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 ORIGINAL ARTICLE
Year : 2005  |  Volume : 53  |  Issue : 2  |  Page : 197--201

Transcranial magnetic stimulation: Role in the evaluation of disability in multiple sclerosis


Department of Neurology, Postgraduate Institute of Medical Education and Research, Chandigarh - 160 012, India

Correspondence Address:
Preeti Sahota
Department of Neurology, Postgraduate Institute of Medical Education and Research, Chandigarh - 160 012
India
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Source of Support: None, Conflict of Interest: None


DOI: 10.4103/0028-3886.16409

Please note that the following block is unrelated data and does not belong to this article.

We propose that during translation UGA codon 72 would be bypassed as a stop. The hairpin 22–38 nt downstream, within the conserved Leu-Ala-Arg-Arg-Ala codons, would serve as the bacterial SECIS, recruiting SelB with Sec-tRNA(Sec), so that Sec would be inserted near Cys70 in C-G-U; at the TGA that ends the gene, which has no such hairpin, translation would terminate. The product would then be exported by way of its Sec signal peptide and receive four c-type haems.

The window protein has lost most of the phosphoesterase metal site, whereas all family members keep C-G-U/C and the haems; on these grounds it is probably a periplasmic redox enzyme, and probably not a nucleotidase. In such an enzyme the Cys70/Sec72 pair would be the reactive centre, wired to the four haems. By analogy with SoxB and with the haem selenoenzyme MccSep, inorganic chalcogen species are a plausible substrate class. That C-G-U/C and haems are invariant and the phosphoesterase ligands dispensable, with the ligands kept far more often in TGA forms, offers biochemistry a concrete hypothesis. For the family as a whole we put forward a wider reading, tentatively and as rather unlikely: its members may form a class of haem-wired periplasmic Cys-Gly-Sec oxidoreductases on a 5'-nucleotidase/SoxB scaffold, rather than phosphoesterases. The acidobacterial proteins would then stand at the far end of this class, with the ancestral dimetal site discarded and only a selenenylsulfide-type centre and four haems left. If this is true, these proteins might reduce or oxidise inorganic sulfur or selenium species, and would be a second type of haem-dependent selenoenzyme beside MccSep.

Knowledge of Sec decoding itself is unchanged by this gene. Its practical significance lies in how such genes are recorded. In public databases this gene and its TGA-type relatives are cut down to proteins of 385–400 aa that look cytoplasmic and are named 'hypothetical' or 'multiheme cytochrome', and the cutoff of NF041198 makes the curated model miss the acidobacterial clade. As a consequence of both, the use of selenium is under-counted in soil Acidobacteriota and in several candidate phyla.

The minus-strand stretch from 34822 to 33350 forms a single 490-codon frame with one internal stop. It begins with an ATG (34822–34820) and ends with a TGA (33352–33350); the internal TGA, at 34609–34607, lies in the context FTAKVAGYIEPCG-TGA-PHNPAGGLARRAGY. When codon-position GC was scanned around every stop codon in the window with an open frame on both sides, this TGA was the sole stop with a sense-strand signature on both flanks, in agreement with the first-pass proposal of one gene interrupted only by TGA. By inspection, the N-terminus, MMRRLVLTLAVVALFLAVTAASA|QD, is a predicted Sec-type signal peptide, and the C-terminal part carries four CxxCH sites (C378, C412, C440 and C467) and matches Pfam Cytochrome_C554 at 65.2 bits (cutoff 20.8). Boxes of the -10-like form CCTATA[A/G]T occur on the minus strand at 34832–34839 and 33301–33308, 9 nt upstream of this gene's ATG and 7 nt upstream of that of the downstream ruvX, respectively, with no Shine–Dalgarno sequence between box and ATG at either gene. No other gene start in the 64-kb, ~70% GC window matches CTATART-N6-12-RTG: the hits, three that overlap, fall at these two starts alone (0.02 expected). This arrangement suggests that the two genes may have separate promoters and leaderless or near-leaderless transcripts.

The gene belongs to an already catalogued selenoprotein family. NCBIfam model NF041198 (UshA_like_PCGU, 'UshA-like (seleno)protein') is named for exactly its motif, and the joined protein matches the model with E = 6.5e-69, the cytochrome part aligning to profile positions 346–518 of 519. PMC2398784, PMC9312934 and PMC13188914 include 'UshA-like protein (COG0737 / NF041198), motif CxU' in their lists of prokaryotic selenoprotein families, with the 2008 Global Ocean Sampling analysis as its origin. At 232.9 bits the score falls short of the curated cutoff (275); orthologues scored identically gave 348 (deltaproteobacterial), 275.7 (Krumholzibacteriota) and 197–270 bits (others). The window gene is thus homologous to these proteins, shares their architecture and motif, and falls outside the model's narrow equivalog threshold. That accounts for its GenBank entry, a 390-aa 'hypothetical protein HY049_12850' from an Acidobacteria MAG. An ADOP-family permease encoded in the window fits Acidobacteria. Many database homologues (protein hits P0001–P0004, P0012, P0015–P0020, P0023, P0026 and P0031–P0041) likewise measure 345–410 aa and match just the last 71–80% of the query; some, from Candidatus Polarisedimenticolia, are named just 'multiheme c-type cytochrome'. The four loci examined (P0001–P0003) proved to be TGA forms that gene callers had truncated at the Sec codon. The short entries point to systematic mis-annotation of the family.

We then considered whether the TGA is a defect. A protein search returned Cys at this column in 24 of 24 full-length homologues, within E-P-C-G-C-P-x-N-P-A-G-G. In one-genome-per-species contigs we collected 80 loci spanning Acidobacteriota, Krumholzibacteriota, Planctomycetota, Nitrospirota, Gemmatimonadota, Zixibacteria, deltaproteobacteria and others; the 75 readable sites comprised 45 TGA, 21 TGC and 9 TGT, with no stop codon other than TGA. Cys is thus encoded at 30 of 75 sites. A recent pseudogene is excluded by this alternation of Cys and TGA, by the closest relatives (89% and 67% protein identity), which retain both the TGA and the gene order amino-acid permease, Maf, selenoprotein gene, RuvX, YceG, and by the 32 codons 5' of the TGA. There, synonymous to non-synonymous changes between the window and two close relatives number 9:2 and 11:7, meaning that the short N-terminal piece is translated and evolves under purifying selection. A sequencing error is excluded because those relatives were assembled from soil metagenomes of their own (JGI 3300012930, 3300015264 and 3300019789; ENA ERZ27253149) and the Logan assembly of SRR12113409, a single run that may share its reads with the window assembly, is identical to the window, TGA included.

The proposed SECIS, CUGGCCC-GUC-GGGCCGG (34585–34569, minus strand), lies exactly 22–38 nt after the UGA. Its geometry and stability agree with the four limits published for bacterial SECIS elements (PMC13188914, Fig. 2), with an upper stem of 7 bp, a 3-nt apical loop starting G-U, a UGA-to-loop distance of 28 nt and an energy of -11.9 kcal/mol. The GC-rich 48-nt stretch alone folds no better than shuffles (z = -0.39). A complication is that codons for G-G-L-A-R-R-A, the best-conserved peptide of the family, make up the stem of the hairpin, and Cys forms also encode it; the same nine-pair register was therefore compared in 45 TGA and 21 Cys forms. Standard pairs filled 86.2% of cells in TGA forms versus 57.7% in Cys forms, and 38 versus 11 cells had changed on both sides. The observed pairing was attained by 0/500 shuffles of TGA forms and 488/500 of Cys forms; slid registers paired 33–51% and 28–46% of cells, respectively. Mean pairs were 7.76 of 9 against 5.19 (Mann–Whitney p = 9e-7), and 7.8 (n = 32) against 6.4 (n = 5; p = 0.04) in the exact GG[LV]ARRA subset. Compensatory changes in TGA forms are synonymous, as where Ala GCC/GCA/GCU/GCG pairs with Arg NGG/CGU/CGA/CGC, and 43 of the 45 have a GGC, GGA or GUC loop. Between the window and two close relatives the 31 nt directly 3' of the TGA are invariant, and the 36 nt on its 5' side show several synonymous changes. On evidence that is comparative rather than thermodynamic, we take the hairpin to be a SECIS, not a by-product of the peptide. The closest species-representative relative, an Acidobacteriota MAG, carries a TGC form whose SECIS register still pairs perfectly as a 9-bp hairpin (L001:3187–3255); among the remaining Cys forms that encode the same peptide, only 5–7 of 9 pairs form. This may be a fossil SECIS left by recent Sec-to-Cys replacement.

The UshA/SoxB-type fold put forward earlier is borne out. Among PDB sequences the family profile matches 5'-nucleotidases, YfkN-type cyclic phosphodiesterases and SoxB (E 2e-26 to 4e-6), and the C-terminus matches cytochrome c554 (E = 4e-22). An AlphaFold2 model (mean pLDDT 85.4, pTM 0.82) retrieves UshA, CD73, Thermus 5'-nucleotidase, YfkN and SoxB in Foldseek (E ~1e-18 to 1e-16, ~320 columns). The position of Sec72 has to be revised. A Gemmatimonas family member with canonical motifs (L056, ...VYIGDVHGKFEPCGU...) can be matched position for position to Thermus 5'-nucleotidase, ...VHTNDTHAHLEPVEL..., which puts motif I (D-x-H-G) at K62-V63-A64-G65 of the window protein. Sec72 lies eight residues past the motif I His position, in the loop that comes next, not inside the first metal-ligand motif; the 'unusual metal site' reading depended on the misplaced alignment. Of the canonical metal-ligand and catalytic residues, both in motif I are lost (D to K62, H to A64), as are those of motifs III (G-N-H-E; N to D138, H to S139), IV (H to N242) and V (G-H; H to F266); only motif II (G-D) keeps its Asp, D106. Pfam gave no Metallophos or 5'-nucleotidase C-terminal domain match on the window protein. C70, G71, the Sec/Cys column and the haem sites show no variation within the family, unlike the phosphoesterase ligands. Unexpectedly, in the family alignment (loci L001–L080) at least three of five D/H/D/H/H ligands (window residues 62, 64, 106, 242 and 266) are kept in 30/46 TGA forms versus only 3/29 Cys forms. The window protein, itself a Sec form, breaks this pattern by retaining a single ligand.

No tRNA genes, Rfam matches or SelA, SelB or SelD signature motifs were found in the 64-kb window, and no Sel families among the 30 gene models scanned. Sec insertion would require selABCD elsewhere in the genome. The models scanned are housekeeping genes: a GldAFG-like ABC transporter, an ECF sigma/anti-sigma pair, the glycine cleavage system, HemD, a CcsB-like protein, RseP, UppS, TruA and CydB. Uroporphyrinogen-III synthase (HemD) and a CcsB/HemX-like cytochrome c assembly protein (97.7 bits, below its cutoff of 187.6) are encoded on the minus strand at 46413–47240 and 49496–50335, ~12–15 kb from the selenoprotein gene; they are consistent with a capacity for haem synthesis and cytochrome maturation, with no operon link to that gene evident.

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Background: In patients with multiple sclerosis (MS), transcranial magnetic stimulation (TMS) has shown significant prolongation of central motor conduction time (CMCT). Abnormal CMCT may reflect sub-clinical involvement of motor pathways and correlate with clinical motor disability. Objective: To determine the diagnostic yield of TMS in MS and the possible correlation of TMS abnormalities with clinical disability. Materials and Methods: Thirty patients with clinically definite MS presenting in acute relapse or with progressive disease course and 30 healthy controls were evaluated. TMS parameters evaluated included threshold intensity, motor evoked potentials (MEP) amplitudes and latencies and CMCT. Reassessment studies were done after three months. Statistical analysis: Student t-test, Mann-Whitney U test and Spearman's rank correlation test were used to assess the relationships. Results: Patients with MS had significantly higher threshold intensities, prolonged CMCT and reduced MEP amplitudes as compared to controls. Abnormalities in at least one parameter were observed in 86.7% of patients. When inter-side asymmetries in MEP latency and/or in CMCT were considered, the diagnostic yield increased to 96.7%. The diagnostic yield was 74.7% for visual evoked potentials, 13.3% for brainstem auditory evoked response and 10% for cerebrospinal fluid oligoclonal band. One MS patient without pyramidal or cerebellar dysfunction had prolonged CMCT. CMCT abnormalities correlated significantly with the degree of pyramidal signs, limb ataxia, intention tremor, dysdiadokokinesia and overall cerebellar score. In patients who had clinical improvement, follow-up studies showed improvement in CMCT parameters. Conclusion: TMS is a highly sensitive technique to evaluate cortico-spinal conduction abnormalities in MS that may have no clinical correlate and in monitoring the course of the disease. The effects of cerebellar dysfunction on TMS results need further evaluation.






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